I usually post in this forum about archaeological discoveries or an ancient lost civilisation. Today however I'm inspired (by the stroll on the beach
that I've just returned from) to talk about the Ancients, and to put ourselves in their shoes for a change.
I'm a stargazer, I find few things more fascinating than the night sky, looking for constellations or shooting stars, and I know
lights in the sky are. I'm aware of our Sun and what it is, why the Moon is there, we all learn these things growing up.
Imagine a man, living 7 thousand years ago, growing up in Africa somewhere, waking up to this every day:
Imagine the relief he felt at seeing the warm sun again, rejoicing in the fact that the daylight had returned. We take this as a given, that the Sun
will rise in the East daily, but our man had no idea that this was guaranteed. I think as he dozed off the night before, a small part of him would
fear that the Sun would fail to appear the next day and he'd be forced to live a cold dark existence.
Even in daylight, imagine what our friend would make of an eclipse, the dread and fear that he and his family, village and so on would feel at the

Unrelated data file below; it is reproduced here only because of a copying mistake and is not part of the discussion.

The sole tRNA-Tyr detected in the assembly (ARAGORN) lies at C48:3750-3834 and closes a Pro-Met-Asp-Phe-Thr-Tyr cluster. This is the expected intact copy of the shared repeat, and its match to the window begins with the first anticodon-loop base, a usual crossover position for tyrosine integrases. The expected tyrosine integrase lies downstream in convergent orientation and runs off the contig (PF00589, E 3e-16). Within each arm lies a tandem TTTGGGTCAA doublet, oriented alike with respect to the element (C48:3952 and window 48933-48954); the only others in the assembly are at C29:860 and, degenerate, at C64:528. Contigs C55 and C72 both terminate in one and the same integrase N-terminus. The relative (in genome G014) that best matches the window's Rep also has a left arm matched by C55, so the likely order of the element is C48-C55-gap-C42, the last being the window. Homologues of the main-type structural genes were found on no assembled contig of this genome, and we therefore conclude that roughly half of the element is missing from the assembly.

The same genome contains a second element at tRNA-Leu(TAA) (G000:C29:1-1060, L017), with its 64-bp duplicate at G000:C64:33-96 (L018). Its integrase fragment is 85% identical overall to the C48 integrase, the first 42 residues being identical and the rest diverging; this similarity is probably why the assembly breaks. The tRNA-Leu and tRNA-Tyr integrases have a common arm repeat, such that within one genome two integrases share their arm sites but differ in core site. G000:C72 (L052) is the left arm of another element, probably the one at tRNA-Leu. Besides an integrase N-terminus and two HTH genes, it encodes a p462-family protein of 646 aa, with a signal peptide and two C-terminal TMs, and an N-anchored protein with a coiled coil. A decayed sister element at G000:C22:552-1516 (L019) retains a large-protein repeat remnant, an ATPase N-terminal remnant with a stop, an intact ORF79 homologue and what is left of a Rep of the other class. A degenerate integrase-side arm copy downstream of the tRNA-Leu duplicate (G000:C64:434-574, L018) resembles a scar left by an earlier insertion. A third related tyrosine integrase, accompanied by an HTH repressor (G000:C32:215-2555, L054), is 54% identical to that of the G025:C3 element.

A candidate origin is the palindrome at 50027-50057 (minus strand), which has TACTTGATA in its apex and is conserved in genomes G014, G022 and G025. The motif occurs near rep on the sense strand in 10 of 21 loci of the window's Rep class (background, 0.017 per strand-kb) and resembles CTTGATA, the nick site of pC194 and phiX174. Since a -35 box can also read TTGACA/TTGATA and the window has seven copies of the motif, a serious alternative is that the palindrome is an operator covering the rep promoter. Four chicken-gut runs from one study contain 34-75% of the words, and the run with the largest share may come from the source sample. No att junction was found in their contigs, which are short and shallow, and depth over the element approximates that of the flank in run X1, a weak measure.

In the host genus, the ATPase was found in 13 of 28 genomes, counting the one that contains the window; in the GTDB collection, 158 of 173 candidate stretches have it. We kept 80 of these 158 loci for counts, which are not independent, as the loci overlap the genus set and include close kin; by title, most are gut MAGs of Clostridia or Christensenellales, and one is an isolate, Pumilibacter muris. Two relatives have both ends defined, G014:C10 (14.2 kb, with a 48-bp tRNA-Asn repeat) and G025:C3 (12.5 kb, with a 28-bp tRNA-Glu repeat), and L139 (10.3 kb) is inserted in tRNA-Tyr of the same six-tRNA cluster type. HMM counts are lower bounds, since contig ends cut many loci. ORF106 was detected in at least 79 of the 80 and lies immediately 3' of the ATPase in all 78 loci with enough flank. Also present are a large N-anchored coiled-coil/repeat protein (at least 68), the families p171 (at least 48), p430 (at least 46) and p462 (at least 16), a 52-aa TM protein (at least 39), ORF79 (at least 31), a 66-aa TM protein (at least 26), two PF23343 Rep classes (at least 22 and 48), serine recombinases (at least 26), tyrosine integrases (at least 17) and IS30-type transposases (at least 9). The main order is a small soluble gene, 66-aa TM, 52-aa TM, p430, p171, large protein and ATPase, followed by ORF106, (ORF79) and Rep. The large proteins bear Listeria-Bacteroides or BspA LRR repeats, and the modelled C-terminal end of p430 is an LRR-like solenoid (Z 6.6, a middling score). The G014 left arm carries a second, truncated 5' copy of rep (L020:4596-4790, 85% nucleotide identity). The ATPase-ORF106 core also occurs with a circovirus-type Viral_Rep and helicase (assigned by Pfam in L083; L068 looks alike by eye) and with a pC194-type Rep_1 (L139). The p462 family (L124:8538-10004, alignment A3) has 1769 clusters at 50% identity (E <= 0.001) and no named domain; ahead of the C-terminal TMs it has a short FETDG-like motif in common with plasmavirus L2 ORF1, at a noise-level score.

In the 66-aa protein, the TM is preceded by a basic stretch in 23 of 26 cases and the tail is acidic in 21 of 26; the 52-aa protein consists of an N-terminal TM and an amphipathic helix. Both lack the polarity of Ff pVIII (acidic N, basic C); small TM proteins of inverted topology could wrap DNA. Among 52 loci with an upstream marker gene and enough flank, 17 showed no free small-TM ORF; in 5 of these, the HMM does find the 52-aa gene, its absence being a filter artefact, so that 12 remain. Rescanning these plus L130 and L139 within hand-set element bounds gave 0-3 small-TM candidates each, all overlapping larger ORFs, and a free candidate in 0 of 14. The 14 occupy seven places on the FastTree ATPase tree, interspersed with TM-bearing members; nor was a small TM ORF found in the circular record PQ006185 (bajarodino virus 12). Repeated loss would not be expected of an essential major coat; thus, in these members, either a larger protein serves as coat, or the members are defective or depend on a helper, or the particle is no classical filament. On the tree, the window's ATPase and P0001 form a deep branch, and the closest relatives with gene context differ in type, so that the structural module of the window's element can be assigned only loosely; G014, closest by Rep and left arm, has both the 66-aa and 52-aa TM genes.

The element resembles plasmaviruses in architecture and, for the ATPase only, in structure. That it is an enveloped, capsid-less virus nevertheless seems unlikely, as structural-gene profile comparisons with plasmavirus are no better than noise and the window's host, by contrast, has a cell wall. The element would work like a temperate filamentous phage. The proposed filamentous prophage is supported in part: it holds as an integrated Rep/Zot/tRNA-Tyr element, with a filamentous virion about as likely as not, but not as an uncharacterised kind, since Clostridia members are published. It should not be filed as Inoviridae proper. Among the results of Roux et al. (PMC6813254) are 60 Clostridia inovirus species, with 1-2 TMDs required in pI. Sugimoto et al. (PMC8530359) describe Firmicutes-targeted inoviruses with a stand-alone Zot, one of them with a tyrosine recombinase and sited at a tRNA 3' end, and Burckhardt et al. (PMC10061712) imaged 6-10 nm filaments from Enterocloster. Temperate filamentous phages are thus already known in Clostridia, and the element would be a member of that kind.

sight of this:
With no scientific explanation, well none that could possibly be anywhere close to the actual truth, occurrences that even today amaze us would be
infinitely more so for our neolithic friend!
How would he explain meteors and shooting stars?
Gods falling from the sky?
And of course the constellations?
What the Ancients must have thought when confronted with these phenomena is truly intriguing to me.
For millennia we have been staring up at these sights, neck craned and eyes keenly observing, and I feel that there is almost something innate within
us compelling us to continue doing so.
Maybe it's just me, but when I look up into a cloudless star filled sky like tonight, I can't help but contemplate the countless others that have
done the exact same thing over tens of thousands of years.
I encourage you to do the same ATS, and spare of a though for our mate from the Neolithic, I think I'll call him Tom.